This isn't a pleasant confession. I'm not at all proud to be letting this out of the basement. The more I thought about it, the more I realized this was truth and it was a truth that needed dealing with. Blogging is HARD WORK. Writing is HARD WORK. They are! Don't let anyone disillusion you into believing you're going to wake up every morning, a brilliant post at the forefront of your brain, glide to the keyboard (coffee in hand) and type out genius. It's not going to happen. And, strangely enough, that's exactly what I expected of myself.

Every post had to be perfect. Every word I put on the blank slate had to be exact. There was no room for error. The idea of editing wasn't foreign to me; I have a degree in writing, for crying out loud. I KNOW what it's like to edit, re-edit, edit some more and STILL have a professor tell you, "Eh, it could be better." But this is real life. This is my life, and there are no professors hovering over my shoulders to read everything I put down.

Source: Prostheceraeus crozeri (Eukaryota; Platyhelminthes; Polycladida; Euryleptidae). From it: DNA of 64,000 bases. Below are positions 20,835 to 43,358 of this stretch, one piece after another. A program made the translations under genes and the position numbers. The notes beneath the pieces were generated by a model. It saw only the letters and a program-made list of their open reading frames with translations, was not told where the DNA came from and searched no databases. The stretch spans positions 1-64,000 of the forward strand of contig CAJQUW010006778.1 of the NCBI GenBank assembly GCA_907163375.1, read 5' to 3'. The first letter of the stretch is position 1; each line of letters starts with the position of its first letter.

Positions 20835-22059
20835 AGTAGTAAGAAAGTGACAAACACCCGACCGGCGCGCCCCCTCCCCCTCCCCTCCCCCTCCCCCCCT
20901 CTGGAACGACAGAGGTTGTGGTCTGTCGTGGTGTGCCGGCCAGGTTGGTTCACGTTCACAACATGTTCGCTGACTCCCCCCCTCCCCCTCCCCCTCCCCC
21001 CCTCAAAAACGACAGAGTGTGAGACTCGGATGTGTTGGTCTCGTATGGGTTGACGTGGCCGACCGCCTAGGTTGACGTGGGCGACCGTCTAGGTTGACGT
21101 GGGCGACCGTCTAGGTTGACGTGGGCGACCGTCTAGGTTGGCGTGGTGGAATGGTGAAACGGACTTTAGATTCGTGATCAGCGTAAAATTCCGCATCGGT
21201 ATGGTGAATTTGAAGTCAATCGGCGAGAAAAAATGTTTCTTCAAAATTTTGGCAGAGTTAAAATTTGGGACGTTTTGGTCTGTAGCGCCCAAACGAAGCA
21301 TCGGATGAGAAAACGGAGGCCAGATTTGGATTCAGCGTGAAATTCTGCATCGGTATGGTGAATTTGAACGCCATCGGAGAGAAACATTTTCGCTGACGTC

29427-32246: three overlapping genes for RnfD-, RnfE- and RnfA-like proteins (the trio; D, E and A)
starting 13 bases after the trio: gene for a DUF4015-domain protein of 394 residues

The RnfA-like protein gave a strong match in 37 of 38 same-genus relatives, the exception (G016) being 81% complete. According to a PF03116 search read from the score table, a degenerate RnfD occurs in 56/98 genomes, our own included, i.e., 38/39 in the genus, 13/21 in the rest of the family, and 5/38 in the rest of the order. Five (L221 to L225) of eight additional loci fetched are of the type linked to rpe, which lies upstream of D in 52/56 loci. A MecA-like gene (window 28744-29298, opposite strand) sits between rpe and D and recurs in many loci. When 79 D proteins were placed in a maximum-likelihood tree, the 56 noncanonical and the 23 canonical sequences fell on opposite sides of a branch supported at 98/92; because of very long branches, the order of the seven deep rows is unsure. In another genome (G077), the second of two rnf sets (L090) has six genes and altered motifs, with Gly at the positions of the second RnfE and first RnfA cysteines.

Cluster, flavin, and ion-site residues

And THAT was extremely liberating.

The freedom of writing is saying what you need to say, what you want to say. The freedom of blogging is finding a group of like-minded people to whom you can say it. And the freedom of the art, the craft, the WORK is this: NO ONE IS THERE TO TELL YOU NO. YOU ARE IN CONTROL OF YOUR WRITING AND YOU HAVE AS MUCH TIME AS YOU NEED IF YOU'RE WILLING TO TAKE IT.

I'm not writing for deadlines yet. I'm not writing for grades any more. I'm writing for myself, because I have stories that need to come out, characters that need answers. I write because it's the art form that chose me, not the other way around. (Seriously, who would choose writing over pottery or macrame?)

The point to this whole, rambling post is this: writing is WORK and if you aren't willing to put in the hours, you will not reap the rewards. Those rewards vary: a finished project; a self-published collection of essays; a poem for a loved one; a recipe. World wide fame is a nice dream, but it's not necessary to getting words on paper and words into the wild. There are so many opportunities out there for writers and artists of all kinds. They are there for the taking!